Automating Digital Video

We're On The Cusp of a Video Data Revolution, and We Need to Tell Those Data Stories

4.13.17

"It is estimated that media companies and user-generated content creates over 2 billion digital images and over 1 billion hours of video watch time every day." -- Justin Pang, head of publishing partnerships at Google.

I don't have to tell you that a digital video revolution is underway. That you know. But what I do want to get across in this article is that we're quickly approaching a critical point at which the explosion of unstructured data generated by digital video content will make it next to impossible to understand, utilize, or even recall most of the information contained in all of that video.

Automation can fix that.

Natural Language Generation (NLG) should be telling the stories behind all that video using all that unstructured data. This is the message I'm bringing to NABShow, the annual gathering of the National Association of Broadcasters, when I speak there on April 23rd. If you're in broadcasting and working with digital video, I want to talk to you. Get in touch.

I've been automating content for seven years, from the very inception of our company, Automated Insights, and have produced billions of unique and insightful human-sounding narratives from raw data for companies like the Associated Press and Yahoo. All along, I've been fighting a battle for acceptance of automated content in the universe of traditional journalism.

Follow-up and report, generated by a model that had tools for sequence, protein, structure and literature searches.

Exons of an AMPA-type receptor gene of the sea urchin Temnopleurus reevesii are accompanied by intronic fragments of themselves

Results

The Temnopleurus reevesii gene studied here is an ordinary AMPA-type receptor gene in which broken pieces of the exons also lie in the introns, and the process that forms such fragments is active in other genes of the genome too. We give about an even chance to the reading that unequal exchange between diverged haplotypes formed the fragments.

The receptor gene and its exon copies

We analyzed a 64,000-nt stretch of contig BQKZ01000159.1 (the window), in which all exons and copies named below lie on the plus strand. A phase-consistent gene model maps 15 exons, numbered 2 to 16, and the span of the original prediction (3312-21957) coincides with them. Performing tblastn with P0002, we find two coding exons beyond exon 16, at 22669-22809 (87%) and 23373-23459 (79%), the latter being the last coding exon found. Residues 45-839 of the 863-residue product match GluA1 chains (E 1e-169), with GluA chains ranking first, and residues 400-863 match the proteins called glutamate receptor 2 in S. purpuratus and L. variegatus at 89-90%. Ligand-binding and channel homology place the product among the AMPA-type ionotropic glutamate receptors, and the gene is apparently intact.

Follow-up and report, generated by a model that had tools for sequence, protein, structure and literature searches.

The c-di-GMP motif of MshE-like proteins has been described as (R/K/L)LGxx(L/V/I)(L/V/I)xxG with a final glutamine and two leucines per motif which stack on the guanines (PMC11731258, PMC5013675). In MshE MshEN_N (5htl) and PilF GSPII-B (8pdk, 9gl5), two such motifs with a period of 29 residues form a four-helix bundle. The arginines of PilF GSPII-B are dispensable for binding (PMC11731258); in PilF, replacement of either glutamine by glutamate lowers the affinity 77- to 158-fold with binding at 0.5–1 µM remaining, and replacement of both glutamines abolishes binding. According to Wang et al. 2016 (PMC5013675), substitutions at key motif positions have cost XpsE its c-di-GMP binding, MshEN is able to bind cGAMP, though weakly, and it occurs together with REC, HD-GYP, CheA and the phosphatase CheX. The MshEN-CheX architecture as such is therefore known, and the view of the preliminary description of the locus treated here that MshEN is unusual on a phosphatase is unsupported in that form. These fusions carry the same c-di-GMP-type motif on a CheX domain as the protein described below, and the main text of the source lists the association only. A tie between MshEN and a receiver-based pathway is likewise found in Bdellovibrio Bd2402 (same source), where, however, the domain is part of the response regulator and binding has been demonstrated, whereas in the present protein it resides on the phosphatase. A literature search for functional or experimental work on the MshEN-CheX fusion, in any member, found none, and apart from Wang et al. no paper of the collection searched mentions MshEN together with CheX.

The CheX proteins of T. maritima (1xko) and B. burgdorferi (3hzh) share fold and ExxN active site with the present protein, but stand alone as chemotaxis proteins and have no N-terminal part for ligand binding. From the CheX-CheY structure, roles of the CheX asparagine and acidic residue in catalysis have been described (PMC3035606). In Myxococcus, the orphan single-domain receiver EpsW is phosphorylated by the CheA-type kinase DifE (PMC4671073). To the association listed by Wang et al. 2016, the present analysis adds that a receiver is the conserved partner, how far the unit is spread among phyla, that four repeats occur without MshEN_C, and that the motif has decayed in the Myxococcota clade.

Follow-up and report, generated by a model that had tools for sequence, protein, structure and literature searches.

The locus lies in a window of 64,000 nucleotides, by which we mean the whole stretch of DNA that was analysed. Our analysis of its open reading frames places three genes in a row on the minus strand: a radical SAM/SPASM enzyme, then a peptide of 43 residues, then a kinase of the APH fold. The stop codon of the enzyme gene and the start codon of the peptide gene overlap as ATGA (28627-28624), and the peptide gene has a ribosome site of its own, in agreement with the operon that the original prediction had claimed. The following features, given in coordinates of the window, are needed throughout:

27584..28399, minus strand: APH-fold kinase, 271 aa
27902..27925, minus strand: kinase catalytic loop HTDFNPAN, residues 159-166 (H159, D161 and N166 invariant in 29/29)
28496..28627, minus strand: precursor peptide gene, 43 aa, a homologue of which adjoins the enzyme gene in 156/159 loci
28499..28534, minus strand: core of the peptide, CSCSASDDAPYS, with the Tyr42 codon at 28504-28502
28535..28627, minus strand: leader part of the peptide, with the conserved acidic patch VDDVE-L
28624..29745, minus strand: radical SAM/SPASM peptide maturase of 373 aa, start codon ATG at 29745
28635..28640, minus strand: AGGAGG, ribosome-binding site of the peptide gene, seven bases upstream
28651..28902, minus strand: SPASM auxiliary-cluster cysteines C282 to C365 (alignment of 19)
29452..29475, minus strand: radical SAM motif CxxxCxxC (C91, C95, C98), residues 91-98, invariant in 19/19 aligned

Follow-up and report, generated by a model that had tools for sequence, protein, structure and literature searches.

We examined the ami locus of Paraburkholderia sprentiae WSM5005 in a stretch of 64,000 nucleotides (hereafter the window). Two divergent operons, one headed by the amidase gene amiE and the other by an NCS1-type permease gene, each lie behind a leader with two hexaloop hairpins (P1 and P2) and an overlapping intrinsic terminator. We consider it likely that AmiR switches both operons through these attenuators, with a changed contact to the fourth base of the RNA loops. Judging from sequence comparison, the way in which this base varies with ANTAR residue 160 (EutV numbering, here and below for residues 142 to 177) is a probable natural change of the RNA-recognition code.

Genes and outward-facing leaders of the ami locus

Last week, the Associated Press published a report that neatly summarized that battle and declared it all but over. Augmented journalism, the term they use for the integration of human and machine in the creation of news stories, is not meant to take journalism jobs away from humans, it said. Augmented journalism should be standing side-by-side with traditional journalism to incorporate the data science required in contemporary journalism while complementing the investigative process and conclusive reasoning inherent in the job of the journalist.

That's the message I took to the Columbia School of Journalism in 2013, and to SXSW in 2016, and again to SXSW earlier this year when I spoke about the Automated Future of Journalism with executives from the Washington Post and the New York Times. Each time I relayed this message, it resonated to a greater degree with journalists and media executives.

However, at this year's SXSW talk, I also started discussing the role of automation around video content. It's something I touched on at the end of this interview with NPR in late March, and it's the focus of what I'll talk about at NABShow on April 23rd. I've been researching, strategizing, and prototyping for about a year now, and I've figured out where automation plays with video.

It's not where you might think.

Despite recent media speculation, we're not heading for a video future in which one automated talking head holds a conversation with another automated talking head. This isn't happening. It's the same kind of misunderstanding of the medium I had to debunk when people thought robots would be writing all the news, all the time.

This speculation ignores the fact that machines and humans will continue to work together, like they have over 100 years of automation history. I get it, ignoring the symbiotic working relationship between machine and human is easy. It makes for good dystopian movies and novels. But like I've said from the beginning, if you want automation to work well, it has to be a partnership. The focus shouldn't be on making the machine independent, it should be on removing the most expensive, time-and-resource consuming tasks from the human's plate.